Whaling records can also give us a good idea of where to start looking for sperm whales using alternative research methods. One such method involves regular whale spotting trips along particular stretches of ocean, looking out for sperm whales as they surface and recording how many they see. Photo-identification techniques may also be used to keep track of individual whales, using unique marks and patterns on their tail. Over time these markings may change and risk a previously recorded whale from being confused for a new individual, but if the surveys are done often enough these changes may be noticed and accounted for.
Another common method is to use sound recording equipment to estimate how many sperm whales there are from their clicks, creaks and other vocal signals. The multi-pulse structure of their creaks also makes it easier to distinguish sperm whales from other species, and the different types of vocalisations they produce allow us to study their behaviour. There has been some suggestion that variations in the size of the spermaceti organ, produced by variation in head size, can help us to identify individuals from their creaks, but I think the method needs to be refined and tested.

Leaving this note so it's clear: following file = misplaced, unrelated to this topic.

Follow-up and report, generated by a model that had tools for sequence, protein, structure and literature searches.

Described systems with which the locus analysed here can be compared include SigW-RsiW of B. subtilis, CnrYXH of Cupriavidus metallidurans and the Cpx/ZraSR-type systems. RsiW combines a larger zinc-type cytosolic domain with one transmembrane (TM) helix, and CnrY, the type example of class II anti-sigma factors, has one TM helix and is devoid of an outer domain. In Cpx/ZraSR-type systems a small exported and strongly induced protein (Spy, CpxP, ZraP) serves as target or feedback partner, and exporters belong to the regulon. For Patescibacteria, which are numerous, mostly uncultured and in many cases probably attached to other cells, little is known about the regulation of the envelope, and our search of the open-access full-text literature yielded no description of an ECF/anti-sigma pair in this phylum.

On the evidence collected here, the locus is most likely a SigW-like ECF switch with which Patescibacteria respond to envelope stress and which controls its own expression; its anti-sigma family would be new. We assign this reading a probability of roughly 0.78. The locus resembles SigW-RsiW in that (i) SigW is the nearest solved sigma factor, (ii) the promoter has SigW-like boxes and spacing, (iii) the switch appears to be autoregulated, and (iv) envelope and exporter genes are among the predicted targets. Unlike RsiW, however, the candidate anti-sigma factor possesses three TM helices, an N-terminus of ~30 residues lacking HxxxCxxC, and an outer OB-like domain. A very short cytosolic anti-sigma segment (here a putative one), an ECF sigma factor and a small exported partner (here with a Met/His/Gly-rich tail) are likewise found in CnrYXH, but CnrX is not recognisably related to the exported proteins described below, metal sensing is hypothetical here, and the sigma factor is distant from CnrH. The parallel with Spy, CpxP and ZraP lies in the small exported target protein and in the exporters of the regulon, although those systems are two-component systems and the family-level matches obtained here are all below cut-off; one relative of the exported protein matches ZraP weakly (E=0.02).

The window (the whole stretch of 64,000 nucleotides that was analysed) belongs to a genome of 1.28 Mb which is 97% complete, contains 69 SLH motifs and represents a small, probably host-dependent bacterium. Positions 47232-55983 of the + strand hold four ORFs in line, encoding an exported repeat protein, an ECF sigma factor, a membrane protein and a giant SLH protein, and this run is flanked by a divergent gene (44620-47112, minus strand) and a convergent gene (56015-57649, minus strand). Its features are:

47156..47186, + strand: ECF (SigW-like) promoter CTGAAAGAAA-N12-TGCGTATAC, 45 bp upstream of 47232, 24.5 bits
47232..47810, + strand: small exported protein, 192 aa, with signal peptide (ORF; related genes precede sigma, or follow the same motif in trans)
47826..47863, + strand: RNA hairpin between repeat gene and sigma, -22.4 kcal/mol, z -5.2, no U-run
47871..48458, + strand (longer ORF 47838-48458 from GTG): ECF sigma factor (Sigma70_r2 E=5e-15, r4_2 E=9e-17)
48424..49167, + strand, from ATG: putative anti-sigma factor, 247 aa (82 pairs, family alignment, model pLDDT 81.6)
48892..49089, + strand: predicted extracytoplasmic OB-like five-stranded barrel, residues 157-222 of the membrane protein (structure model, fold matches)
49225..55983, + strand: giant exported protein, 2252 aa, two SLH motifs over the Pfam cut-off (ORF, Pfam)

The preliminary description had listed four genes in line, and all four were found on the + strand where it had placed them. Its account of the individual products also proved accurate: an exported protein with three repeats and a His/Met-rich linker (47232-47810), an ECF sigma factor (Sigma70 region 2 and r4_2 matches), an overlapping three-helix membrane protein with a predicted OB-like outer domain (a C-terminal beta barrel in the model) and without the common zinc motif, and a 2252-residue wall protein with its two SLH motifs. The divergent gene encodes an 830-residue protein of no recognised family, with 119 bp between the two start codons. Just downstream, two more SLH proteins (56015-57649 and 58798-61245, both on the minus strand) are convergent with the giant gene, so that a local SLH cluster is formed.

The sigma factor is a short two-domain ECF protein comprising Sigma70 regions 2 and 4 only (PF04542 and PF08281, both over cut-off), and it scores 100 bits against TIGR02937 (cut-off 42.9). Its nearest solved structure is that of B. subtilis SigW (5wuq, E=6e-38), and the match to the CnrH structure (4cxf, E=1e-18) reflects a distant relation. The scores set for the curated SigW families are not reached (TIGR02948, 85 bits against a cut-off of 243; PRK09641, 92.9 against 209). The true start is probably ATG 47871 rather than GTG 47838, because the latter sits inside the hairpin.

The data from all these techniques give us only a glimpse into how sperm whale populations are recovering and all the figures that are reported are educated guesses based on this limited information. Nonetheless the evidence overall points to the recovery of sperm whale populations and it is the balance of evidence, while keeping in mind its limitations, is essentially how, although some will say this is an oversimplification, scientific study works.
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All other images are public domain and do not require attribution